Is Two Harbors Safer Than Annaly and American Capital Agency?

Is Two Harbors Safer Than Annaly and American Capital Agency?

Two Harbors will release its quarterly report on Tuesday, and investors have had to deal with a big increase in volatility in recent months. Yet even though it shares many of the same characteristics that have punished larger mortgage real estate investment trusts Annaly Capital and American Capital Agency , Two Harbors could benefit from the measures it has taken to try to control the risk of higher interest rates and their effect on the REIT's book value.

Mortgage REITs like Two Harbors have been extremely popular in recent years because of the huge dividend yields they've offered in an otherwise low-interest rate environment. But as the threat of an end to the Federal Reserve's rock-bottom rate policy has lifted yields on bonds in recent months, Two Harbors, along with Annaly and American Capital Agency, have had to prepare for what could be a huge increase in the costs of maintaining their leveraged investments. Can Two Harbors' efforts to stem the negative effects of rising rates help its stock hold up better than Annaly's or American Capital Agency's shares? Let's take an early look at what's been happening with Two Harbors over the past quarter and what we're likely to see in its report.

Stats on Two Harbors

Analyst EPS Estimate


Change From Year-Ago EPS


Revenue Estimate

$114.24 million

Change From Year-Ago Revenue


Earnings Beats in Past 4 Quarters


Source: Yahoo! Finance.

Can Two Harbors outearn its dividend?
Analysts have become more pessimistic in recent months about the prospects for Two Harbors' earnings, cutting their third-quarter estimates by $0.04 per share and their full-year 2013 projections by about 10%. The stock has fallen in concert, dropping roughly 4% since early August.

Two Harbors demonstrated its ability to weather the interest rate storm when it announced second-quarter earnings results in August. Despite a big rise in rates that crushed book values across the industry, Two Harbors emerged with just a 6.4% drop in book value, compared to losses of 12% at American Capital Agency and as much as 20% for some of its smaller rivals.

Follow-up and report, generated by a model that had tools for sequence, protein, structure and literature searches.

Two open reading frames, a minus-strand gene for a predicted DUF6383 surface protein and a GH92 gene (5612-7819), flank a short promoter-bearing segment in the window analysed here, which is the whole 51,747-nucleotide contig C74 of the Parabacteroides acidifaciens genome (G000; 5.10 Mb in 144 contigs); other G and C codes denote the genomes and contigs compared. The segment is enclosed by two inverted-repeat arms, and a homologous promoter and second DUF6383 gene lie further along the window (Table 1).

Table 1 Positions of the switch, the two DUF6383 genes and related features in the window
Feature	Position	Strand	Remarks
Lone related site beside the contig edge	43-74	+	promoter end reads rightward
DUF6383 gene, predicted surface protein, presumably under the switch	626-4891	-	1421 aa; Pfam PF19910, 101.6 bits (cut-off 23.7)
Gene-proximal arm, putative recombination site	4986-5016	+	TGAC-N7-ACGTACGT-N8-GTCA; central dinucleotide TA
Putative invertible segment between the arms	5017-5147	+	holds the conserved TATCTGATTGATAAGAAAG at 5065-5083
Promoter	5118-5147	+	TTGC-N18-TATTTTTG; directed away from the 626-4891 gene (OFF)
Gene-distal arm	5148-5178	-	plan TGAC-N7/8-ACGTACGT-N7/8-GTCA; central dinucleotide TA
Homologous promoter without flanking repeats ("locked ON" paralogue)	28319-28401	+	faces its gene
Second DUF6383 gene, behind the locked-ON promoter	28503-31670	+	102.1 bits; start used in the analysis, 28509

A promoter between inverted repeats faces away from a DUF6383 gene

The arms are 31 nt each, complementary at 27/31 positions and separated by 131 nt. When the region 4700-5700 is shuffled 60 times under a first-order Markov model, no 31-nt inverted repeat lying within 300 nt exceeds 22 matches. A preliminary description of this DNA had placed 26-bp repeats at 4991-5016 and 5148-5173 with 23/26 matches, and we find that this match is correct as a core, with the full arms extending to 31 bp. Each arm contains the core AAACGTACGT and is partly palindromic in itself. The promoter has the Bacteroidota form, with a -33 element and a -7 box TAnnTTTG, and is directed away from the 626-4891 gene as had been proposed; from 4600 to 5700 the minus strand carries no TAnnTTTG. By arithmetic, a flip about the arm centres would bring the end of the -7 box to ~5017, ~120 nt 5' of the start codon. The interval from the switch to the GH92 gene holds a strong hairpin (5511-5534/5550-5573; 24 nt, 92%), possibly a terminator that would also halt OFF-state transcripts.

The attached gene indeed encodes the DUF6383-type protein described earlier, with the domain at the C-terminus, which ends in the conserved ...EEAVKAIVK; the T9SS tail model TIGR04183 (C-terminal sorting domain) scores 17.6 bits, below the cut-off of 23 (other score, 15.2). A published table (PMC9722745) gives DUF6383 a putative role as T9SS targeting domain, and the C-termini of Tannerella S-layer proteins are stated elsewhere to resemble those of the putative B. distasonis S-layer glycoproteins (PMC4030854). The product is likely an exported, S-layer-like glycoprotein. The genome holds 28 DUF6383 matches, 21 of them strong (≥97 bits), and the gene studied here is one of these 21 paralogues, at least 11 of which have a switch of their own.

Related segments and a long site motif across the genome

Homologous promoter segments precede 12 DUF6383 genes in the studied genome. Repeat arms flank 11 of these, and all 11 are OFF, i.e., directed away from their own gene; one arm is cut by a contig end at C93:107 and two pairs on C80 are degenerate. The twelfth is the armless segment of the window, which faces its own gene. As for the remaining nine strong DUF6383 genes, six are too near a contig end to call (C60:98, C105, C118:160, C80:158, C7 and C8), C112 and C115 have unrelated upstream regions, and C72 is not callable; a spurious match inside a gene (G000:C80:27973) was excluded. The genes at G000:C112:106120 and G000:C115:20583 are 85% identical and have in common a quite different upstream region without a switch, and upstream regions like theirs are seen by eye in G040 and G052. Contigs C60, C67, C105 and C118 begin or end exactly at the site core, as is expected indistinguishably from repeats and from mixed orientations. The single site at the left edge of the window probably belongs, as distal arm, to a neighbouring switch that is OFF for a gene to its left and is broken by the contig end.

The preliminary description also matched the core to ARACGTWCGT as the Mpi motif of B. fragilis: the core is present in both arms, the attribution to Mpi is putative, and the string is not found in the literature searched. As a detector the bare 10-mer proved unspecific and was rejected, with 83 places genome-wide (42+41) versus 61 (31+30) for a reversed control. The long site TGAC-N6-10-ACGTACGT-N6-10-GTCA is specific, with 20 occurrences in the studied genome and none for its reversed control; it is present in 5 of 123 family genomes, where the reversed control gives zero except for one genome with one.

Two Harbors has taken several steps to hedge against the pure exposure to interest rates that American Capital Agency and Annaly Capital have taken on. Specifically, Two Harbors buys the rights to a portion of the mortgage servicing rights that other companies receive for collecting mortgage payments and distributing proceeds to companies like Fannie Mae. Those rights are generally worth more when interest rates are rising, as borrowers are less likely to refinance their mortgages. By contrast, the more sophisticated derivatives trades that American Capital Agency and others use can be extremely expensive compared to the Two Harbors strategy. In addition, Two Harbors has built up its securitization business, hoping to take over as the private equivalent of Fannie Mae and Freddie Mac if the federal government goes forward with its plans to wrap up the government-sponsored enterprises.

Two Harbors has taken these steps because the company is determined to preserve book value in order to keep its capital base from deteriorating. That way, management believes it should be able to keep paying high dividends while also reducing the overall risk level that some other mortgage REITs take on. Two Harbors has also been willing to go beyond the popular agency mortgage-backed securities realm to find more attractive opportunities from a risk-reward standpoint.

In the Two Harbors earnings report, watch to see whether the company has been more successful at sustaining book value than Annaly and American Capital Agency. In the end, book value could provide a better sense of intrinsic value for the mREIT than earnings or dividends.

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The article Is Two Harbors Safer Than Annaly and American Capital Agency? originally appeared on

Fool contributor Dan Caplinger owns shares of Two Harbors. You can follow him on Twitter @DanCaplinger. The Motley Fool has no position in any of the stocks mentioned. Try any of our Foolish newsletter services free for 30 days. We Fools may not all hold the same opinions, but we all believe that considering a diverse range of insights makes us better investors. The Motley Fool has a disclosure policy.

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Originally published